Two newcomers to the St. Mary's County political scene aim to win courthouse positions in contests with two opponents who have decades of combined experience.

Republican Sandra Bailey Redden, 41, is trying to unseat incumbent Circuit Court Clerk Evelyn W. Arnold (D) in Tuesday's voting. In September, she began a door-to-door campaign to earn the face and name recognition that Arnold has gained during her 12 years on the job.

Redden, a substitute teacher in St. Mary's County public and parochial schools, said it is time for a new generation of elected public officials. Arnold, 72, has worked in the clerk's office for more than 30 years, serving as deputy and chief deputy under three former clerks.

"After 12 years, [Arnold] should have accomplished what she set out to do," Redden said. "I'm afraid that if she is elected again, she'll retire and somebody will be appointed to the position. I don't think that's fair."

Cindy Adams, a Republican who worked as a senior chief journalist for the Navy, doesn't face an incumbent in the register of wills race. However, her Democratic opponent, Dianne B. McWilliams, has worked as chief deputy under incumbent Norma Dawson since 1977. Dawson is retiring.

As the only candidate who has worked in the register of wills office, McWilliams said she is the most qualified to take over the elected position.

"I have the experience," she said. "To my knowledge, she has no experience."

But Adams said this election offers county voters something they haven't seen much of recently: contested courthouse races. With an open register of wills office and three open Orphans' Court judgeships, voters finally have the responsibility of decision-making back in their hands, she said.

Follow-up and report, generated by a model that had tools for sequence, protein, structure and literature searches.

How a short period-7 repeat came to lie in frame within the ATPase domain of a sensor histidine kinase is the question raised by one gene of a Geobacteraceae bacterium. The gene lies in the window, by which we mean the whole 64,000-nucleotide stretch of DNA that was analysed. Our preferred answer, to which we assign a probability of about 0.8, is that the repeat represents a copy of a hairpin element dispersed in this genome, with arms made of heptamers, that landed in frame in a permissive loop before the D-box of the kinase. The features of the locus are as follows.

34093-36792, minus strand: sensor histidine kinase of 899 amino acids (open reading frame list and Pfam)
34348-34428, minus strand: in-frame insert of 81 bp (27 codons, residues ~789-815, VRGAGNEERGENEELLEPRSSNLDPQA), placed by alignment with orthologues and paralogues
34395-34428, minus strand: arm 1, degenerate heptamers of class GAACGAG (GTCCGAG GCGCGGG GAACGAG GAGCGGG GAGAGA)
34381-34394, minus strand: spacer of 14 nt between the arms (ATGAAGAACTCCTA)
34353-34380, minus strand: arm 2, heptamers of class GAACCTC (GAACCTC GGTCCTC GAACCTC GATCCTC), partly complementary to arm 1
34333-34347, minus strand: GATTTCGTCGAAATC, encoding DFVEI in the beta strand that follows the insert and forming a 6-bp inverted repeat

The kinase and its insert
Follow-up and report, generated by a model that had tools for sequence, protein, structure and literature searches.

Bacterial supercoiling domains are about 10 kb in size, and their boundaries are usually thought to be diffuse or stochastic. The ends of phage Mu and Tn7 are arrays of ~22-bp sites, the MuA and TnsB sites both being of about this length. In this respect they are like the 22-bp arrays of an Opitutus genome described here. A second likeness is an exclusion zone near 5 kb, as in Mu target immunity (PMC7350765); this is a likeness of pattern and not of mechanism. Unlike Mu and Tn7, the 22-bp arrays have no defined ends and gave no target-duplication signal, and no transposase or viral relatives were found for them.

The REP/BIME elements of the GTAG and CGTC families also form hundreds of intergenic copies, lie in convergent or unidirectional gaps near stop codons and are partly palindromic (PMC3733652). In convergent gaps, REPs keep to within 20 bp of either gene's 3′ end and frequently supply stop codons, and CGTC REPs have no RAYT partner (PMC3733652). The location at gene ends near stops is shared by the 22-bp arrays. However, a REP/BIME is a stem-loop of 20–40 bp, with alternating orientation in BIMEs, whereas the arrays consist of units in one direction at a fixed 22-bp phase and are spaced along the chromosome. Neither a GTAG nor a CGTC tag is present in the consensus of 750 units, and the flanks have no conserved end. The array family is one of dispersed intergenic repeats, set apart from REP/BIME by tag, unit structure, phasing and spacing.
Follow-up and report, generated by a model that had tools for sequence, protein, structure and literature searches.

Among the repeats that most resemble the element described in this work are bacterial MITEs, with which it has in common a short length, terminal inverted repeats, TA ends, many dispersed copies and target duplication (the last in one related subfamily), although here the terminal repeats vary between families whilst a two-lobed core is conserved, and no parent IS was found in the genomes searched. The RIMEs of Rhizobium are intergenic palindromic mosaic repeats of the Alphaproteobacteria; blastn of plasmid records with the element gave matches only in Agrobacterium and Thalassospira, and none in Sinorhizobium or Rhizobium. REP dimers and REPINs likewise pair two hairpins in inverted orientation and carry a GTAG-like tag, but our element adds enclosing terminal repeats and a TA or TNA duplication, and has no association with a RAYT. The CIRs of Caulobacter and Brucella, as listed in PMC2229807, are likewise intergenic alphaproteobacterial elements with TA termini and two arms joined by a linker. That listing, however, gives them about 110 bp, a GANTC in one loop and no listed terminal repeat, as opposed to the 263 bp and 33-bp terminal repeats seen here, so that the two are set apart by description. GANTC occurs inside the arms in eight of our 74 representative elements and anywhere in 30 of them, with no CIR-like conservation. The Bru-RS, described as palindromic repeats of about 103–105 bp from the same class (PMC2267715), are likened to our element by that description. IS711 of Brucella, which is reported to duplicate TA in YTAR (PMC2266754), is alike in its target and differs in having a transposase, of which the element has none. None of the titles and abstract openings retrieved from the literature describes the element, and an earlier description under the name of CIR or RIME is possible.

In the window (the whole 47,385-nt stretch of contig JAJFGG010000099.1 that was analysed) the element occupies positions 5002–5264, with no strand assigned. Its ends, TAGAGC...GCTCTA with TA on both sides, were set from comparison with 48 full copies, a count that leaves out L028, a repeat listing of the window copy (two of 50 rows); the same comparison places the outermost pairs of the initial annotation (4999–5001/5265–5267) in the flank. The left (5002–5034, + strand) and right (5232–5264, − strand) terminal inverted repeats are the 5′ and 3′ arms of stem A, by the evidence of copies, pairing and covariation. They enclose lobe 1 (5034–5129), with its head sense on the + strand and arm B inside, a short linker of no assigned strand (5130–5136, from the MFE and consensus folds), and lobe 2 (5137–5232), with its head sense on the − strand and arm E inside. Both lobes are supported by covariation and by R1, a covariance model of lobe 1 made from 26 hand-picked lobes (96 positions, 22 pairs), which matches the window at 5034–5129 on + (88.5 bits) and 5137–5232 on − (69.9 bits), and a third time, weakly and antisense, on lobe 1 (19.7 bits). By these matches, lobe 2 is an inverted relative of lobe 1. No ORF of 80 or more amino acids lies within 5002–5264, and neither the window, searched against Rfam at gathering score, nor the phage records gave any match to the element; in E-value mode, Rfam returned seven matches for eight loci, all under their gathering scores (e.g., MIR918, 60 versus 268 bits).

"I feel that ability is useless without opportunity, and I think this is a wonderful opportunity to serve the people," she said. "I look forward to the challenge."

The primary election winnowed the crowded field of Orphans' Court candidates from 10 to six candidates in the two main political parties. Jenks Mattingly of Hollywood gives voters a seventh choice as an unaffiliated candidate. Three judges will be elected.

Mattingly was not on the primary ballot but gathered the 500 signatures necessary to appear on the general election ballot. He has faced both expected and unexpected obstacles during his candidacy, he said. As a federal employee of the Patuxent River Naval Air Station, he was required to file as an independent. Thus, he doesn't receive party money, he said.

"You're out there by yourself," he said. "That puts me on the bottom of the list appearing on the ballot."

He's also not the only Mattingly on the ballot, a situation that already has caused some confusion. John T. Mattingly, a Republican police officer from Hollywood, also is running for one of the three Orphans' Court seats. The men are not related.

"A lot of people said they voted [in the primary election] for the other guy thinking it was me," Jenks Mattingly said. "I'm not the other guy. I'm who I am."

Both Mattinglys face Democratic incumbent Russ Cullins of Clements and newcomers Linda R. Dean of Mechanicsville and Pat Woodburn of Compton. The other Republican candidates are Dalton Wood Jr. of Lexington Park and William Roy Buckler Jr. of Mechanicsville.

Incumbent county treasurer Jannette P. Norris is running unopposed for her third term.